An opinion from a federal court in New York has cited blogged accusations of sexism as part of a set of allegations sufficent to uphold a constitutional equal-protection gender discrimination claim brought by a real estate developer against government officials. The complaint stems from rejected requests for zoning changes.
The case is Catcove Corp. v. Heaney, No. 08-CV-4156 (JS)(ETB), E.D.N.Y., Seybert, J., presiding. The opinion is at 685 F.Supp.2d 328. Here is the excerpt about the blog post:
Plaintiffs also allege an Equal Protection violation based upon sex discrimination. Specifically, Plaintiffs allege that: (1) Mr. Heaney “possessed [ ] a clear bias against women,” and that “women were discriminated against” within Southampton; (2) in a local blog report, “several women” described “Heaney and his administration’s ‘Neanderthal’ Town Legal Staff-to be disrespectful, misogynistic and crude”; (3) Mr. Heaney “discriminate[d] against Ms. Gotthelf because she is female” and wanted “to force her to sell her properties” to his “male friends,”; (4) Mr. Murphee said that he liked Plaintiffs’ proposed project, but “wanted a real developer to develop it”; and (5) Messrs. Heaney and Murphree coerced Plaintiffs to sell a different property to one of “defendants’ ‘good old boys.’ ” (Amend. Compl. ¶¶ 32, 35, 41, 46, 51). Given these allegations, the Court will permit Plaintiffs’ sex discrimination claims against Mr. Heaney and Mr. Murphree to survive-for now. With respect to Mr. Heaney, Plaintiffs have pled enough factual allegations to suggest that Mr. Heaney possessed an animus towards women and favored male developers over Ms. Gotthelf. These allegations (and reasonable inferences drawn therefrom) suffice to set forth a “plausible” claim against Mr. Heaney, albeit barely.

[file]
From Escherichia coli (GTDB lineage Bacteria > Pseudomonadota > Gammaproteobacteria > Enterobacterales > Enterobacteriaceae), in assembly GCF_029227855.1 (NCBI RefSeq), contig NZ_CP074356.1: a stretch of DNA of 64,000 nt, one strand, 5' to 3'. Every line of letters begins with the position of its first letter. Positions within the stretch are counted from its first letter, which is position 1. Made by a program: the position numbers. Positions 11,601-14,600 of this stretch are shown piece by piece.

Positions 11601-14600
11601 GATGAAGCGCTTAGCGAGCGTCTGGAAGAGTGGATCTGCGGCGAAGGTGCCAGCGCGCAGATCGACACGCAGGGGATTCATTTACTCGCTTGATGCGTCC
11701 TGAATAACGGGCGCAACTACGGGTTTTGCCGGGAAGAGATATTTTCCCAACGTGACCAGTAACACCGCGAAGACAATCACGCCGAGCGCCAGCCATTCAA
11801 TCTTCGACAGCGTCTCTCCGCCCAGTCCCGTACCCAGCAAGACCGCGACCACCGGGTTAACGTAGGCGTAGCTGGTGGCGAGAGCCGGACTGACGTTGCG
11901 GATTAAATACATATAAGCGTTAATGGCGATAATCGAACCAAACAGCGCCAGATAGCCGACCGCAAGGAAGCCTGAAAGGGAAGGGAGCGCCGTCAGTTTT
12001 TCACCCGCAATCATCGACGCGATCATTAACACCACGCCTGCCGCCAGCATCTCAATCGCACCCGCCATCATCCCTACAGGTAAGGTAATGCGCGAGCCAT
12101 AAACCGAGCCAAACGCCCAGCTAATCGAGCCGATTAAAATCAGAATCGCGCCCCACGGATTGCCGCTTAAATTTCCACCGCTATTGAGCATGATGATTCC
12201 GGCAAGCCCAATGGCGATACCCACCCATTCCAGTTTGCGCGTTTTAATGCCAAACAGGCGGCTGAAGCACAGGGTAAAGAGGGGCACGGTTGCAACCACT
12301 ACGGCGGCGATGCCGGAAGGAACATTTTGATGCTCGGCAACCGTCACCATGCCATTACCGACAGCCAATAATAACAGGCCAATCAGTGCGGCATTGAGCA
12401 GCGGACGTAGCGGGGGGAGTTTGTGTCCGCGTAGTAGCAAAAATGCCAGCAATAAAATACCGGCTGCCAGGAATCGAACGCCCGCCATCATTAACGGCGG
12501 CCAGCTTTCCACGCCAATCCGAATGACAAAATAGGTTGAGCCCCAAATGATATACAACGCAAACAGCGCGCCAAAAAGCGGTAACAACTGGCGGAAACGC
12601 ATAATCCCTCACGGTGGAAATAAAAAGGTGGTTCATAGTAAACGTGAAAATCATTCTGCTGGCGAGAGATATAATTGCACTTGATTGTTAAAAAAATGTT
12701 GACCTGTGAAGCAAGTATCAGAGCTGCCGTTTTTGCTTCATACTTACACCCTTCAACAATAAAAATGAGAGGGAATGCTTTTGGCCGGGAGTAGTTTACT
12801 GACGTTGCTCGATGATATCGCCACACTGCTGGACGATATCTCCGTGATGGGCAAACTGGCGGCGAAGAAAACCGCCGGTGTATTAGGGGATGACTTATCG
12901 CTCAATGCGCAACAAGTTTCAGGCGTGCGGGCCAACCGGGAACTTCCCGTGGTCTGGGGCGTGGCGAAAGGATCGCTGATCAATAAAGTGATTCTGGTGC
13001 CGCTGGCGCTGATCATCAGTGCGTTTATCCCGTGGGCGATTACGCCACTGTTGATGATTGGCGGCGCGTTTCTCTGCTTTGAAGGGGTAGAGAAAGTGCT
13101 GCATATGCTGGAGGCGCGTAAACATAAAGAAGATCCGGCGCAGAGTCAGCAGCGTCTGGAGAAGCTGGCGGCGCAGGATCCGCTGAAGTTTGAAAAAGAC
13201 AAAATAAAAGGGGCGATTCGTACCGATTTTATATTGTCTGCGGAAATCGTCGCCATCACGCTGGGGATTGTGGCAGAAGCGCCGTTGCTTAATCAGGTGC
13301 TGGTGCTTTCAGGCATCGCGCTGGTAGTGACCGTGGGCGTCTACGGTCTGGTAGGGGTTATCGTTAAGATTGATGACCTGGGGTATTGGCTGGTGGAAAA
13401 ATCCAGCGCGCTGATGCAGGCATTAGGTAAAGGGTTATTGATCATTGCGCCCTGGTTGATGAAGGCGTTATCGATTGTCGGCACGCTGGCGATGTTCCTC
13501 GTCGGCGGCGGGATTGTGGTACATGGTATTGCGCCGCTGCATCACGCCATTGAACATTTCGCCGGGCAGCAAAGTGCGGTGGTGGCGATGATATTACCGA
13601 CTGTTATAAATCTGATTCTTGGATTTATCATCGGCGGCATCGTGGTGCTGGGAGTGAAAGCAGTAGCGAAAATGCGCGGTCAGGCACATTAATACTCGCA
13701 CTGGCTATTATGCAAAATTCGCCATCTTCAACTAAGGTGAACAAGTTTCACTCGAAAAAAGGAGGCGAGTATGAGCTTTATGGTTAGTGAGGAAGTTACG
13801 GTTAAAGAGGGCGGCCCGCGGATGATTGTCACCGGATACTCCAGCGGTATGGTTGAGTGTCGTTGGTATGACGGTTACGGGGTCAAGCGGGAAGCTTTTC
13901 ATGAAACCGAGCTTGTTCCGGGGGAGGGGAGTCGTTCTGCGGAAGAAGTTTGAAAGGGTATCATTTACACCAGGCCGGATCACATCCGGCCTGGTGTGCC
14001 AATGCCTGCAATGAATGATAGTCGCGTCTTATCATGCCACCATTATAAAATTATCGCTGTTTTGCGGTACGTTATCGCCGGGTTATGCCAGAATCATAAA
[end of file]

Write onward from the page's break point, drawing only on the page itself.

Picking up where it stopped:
Also interesting in the opinion: other parts of the lawsuit – ones not concerning blogs apparently – led the judge to impose Rule 11 sanctions on the plaintiff. Claims against certain defendants were, according to the court, “utterly lacking in support.”
It’s not every day you see Rule 11 used.
The court was merciful however, saying that “only mild sanctions” were warranted, leveling a $1,000 fine.